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Homebuilding, Building Products Face Risk Despite Housing Strength, Fitch

August 13, 2020, 09:05 AM
Filed Under: Building Supply
Related: Fitch Ratings

The coronavirus’ effect on the US homebuilding and building products sector has not been as negative as anticipated, but better than expected second-quarter performance is not sustainable, says Fitch Ratings. We forecast housing activity and home improvement spending will weaken during second-half 2020 and into 2021, despite being stronger than expected during the second quarter. Unemployment remains elevated, consumer confidence is still below pre-coronavirus levels and infections are resurging with some states rolling back reopenings. Further government stimulus could partially offset some of the macroeconomic uncertainty.

Fitch remains cautious on the construction outlook for the remainder of 2020 and into 2021 but has upwardly revised revenue and EBITDA estimates for most rated homebuilders and building products issuers due to much stronger second quarter results than originally anticipated. Order backlogs provide some visibility for improving sales trends into the second-half of this year. Forecast 2020 and 2021 earnings and credit metrics for issuers with Negative Rating Outlooks are better than previously anticipated, supporting ratings at this time, but incorporate our subdued demand outlook.

Homebuilders are benefiting from record low mortgage rates, limited existing home inventory, limited government protection against foreclosure and forbearance on mortgage payments, and consumer reassessment of housing needs as consumers continue to work from home. Net orders for Fitch-rated homebuilders that have reported second-quarter results rose 14.8% on average. Net orders were particularly robust in June and remained strong in July. Nevertheless, we project total housing starts and new home sales will fall 8.6% and 5.7%, respectively, this year, compared with our April forecast of a 25% and 20% decline.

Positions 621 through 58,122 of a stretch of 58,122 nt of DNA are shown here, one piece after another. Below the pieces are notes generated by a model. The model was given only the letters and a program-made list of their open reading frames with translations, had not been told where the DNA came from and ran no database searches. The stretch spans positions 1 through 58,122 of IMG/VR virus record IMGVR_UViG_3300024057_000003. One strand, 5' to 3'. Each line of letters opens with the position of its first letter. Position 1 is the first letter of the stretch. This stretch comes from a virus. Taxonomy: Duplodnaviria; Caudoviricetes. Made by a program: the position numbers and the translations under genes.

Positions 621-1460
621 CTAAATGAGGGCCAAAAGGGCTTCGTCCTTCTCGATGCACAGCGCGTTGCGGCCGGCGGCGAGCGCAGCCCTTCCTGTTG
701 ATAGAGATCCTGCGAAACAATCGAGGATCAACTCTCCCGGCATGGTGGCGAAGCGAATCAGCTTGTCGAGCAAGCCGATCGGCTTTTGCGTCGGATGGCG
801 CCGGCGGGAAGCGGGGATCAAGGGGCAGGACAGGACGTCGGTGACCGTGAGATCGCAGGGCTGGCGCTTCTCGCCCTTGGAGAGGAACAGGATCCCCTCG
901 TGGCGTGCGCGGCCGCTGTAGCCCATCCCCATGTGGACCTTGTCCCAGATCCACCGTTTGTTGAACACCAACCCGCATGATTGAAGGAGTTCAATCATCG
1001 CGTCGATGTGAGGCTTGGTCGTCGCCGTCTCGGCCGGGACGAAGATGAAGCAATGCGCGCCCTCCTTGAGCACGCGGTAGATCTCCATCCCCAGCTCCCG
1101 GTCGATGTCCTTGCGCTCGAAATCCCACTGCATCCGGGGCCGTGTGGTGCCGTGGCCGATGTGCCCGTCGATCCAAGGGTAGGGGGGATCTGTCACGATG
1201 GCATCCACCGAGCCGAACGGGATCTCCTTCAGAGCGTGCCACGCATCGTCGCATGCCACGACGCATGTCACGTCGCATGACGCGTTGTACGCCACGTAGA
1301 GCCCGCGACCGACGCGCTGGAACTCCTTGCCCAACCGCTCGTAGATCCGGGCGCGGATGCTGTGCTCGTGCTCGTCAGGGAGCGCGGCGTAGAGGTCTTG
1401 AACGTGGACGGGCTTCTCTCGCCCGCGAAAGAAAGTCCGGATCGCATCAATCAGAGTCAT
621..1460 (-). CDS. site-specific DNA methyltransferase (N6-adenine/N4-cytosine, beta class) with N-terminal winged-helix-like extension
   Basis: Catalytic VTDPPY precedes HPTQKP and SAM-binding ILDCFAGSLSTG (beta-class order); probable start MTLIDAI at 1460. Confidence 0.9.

Rating Outlooks for Fitch-rated homebuilders are mostly Stable. Homebuilders took pro-active steps during the early part of the pandemic, slowing land spending, development activity and housing starts. Share repurchases were also temporarily suspended to preserve liquidity. Fitch-rated homebuilders have high rating headroom relative to Negative Rating sensitivities, providing cushion to absorb losses should the housing market weaken.

Land acquisition and development spending will increase modestly in second-half 2020, due to recent net order growth, but discipline around share buybacks is expected to continue due to economic uncertainty. High levels of impairment charges because of meaningfully lower absorption and declining home prices, combined with aggressive land and development spending and increased share buybacks, could pressure credit ratings.

Building products are benefiting from resilience in new home construction and residential repair and remodel activity, with do-it-yourself outperforming pro installation, exteriors performing better than interiors and low-ticket product categories well positioned for a recessionary environment. Government stimulus and a pulling forward of purchases is also supporting demand. Retail sales of building materials increased 13% in second-quarter 2020, per US Census Bureau data. Fitch views double-digit growth as unsustainable in the longer term and attributes much of the strong demand to the unique nature of the pandemic, which led to a renewed interest in home improvement.

We project retail sales of building materials will grow 3.5% in 2020 compared with our April forecast of a nearly 20% decline. Subdued non-residential construction and lingering supply chain disruptions may constrain future growth. Manufacturing is below full capacity due to social distancing and employee absenteeism, while component sourcing from Mexico is being challenged.

Stronger than expected sales and cost cutting resulted in meaningfully better than projected margins causing upward revisions to rating case assumptions. The majority of Fitch-rated building products companies’ Rating Outlooks remain Negative due to the uncertainty surrounding the shape of the demand and supply chain recovery later this year and through 2021, but capital allocation priorities and Fitch’s credit metrics forecasts support the current investment-grade credit profiles of Fitch-rated building products companies.

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